Santa May or May Not be White. But the Arctic is, Increasingly, Green..
December 18, 2013
Satellites above the Earth are documenting a striking change in the Arctic. Not only is open water area increasing in the region, but adjacent land areas are growing “greener.” Since observations began in 1982, Arctic-wide tundra vegetation productivity has increased. In North America, the rate of greening has accelerated since 2005.
One of NOAA’s satellite remote sensors—the Advanced Very High Resolution Radiometer (AVHRR)—collects images of our planet’s surface, which scientists use to carefully measure the intensity of visible and near-infrared sunlight reflected by plants back up into space. From these measurements, they are able to determine the density of vegetation, or “greenness,” on land. The map above shows changes in greenness at the peak of the growing season between 1982 and 2012. All around the Arctic, the tundra has grown greener, with exceptions in western Alaska, and northwestern and northeastern Siberia.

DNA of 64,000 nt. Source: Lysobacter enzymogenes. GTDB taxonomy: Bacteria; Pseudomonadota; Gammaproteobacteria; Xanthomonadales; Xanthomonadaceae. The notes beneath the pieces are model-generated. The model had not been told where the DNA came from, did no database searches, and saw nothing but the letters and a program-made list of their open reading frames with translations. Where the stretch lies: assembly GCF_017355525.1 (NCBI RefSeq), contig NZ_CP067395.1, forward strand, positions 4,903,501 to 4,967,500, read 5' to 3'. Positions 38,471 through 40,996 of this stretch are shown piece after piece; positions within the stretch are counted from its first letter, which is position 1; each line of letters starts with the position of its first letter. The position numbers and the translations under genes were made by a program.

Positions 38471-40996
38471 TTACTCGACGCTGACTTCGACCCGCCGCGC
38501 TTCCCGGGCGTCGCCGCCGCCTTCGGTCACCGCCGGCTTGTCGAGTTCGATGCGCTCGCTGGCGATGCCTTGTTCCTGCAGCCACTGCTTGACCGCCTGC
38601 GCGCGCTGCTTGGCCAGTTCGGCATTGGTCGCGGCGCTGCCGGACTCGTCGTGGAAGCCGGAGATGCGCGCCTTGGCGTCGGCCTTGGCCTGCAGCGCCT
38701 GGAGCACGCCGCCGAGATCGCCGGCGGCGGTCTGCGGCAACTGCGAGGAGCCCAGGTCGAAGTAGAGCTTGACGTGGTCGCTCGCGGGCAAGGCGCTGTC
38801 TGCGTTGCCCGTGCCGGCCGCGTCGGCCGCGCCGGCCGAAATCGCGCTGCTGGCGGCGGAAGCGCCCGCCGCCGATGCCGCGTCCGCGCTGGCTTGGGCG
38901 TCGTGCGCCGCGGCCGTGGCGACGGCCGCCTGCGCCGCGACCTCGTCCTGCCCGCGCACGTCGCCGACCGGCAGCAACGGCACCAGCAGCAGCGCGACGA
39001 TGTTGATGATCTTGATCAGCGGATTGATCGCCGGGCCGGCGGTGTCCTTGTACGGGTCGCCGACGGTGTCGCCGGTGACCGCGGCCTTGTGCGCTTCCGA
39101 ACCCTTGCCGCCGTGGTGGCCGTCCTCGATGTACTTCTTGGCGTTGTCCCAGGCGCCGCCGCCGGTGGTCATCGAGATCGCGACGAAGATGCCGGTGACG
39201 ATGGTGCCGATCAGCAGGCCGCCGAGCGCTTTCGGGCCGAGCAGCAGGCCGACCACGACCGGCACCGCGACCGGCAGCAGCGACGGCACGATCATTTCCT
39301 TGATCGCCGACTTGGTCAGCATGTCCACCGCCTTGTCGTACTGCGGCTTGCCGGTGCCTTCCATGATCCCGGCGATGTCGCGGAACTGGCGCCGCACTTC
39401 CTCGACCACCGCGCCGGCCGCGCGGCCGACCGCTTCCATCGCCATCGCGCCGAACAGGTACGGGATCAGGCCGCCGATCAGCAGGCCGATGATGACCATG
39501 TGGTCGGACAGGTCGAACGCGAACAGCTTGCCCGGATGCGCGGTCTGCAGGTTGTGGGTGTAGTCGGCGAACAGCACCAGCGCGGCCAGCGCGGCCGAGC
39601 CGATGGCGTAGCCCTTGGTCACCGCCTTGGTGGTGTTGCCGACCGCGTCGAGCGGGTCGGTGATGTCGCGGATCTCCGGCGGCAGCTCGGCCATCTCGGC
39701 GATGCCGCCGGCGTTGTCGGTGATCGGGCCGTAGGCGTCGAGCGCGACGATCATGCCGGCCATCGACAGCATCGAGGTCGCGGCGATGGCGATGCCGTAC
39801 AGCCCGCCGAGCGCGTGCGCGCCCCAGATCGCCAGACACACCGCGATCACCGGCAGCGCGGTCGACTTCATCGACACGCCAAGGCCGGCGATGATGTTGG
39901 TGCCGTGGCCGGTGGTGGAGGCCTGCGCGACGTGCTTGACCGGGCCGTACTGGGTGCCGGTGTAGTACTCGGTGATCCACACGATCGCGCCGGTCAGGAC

The video below is a quick cliff notes version of the Arctic Report card released last week at the American Geophysical Union conference in San Francisco:
Arctic Report Card continued:
Increases in vegetation productivity are often connected to declining sea ice, increasing open water, and greater summer warmth in the Arctic. However, factors other than these can affect plant growth. Snow cover decline is thought to be among the main culprits behind the prolonged length of the Arctic growing season, which has increased by nine days per decade since 1982. Another factor in controlling the rate of greening in the Arctic is large-scale atmospheric circulation patterns. In Eurasia, lower temperatures and increased cloud cover in the summer lead to a more gradual greening compared to eastern North America, where cloud-free skies during the summer promote accelerated greening.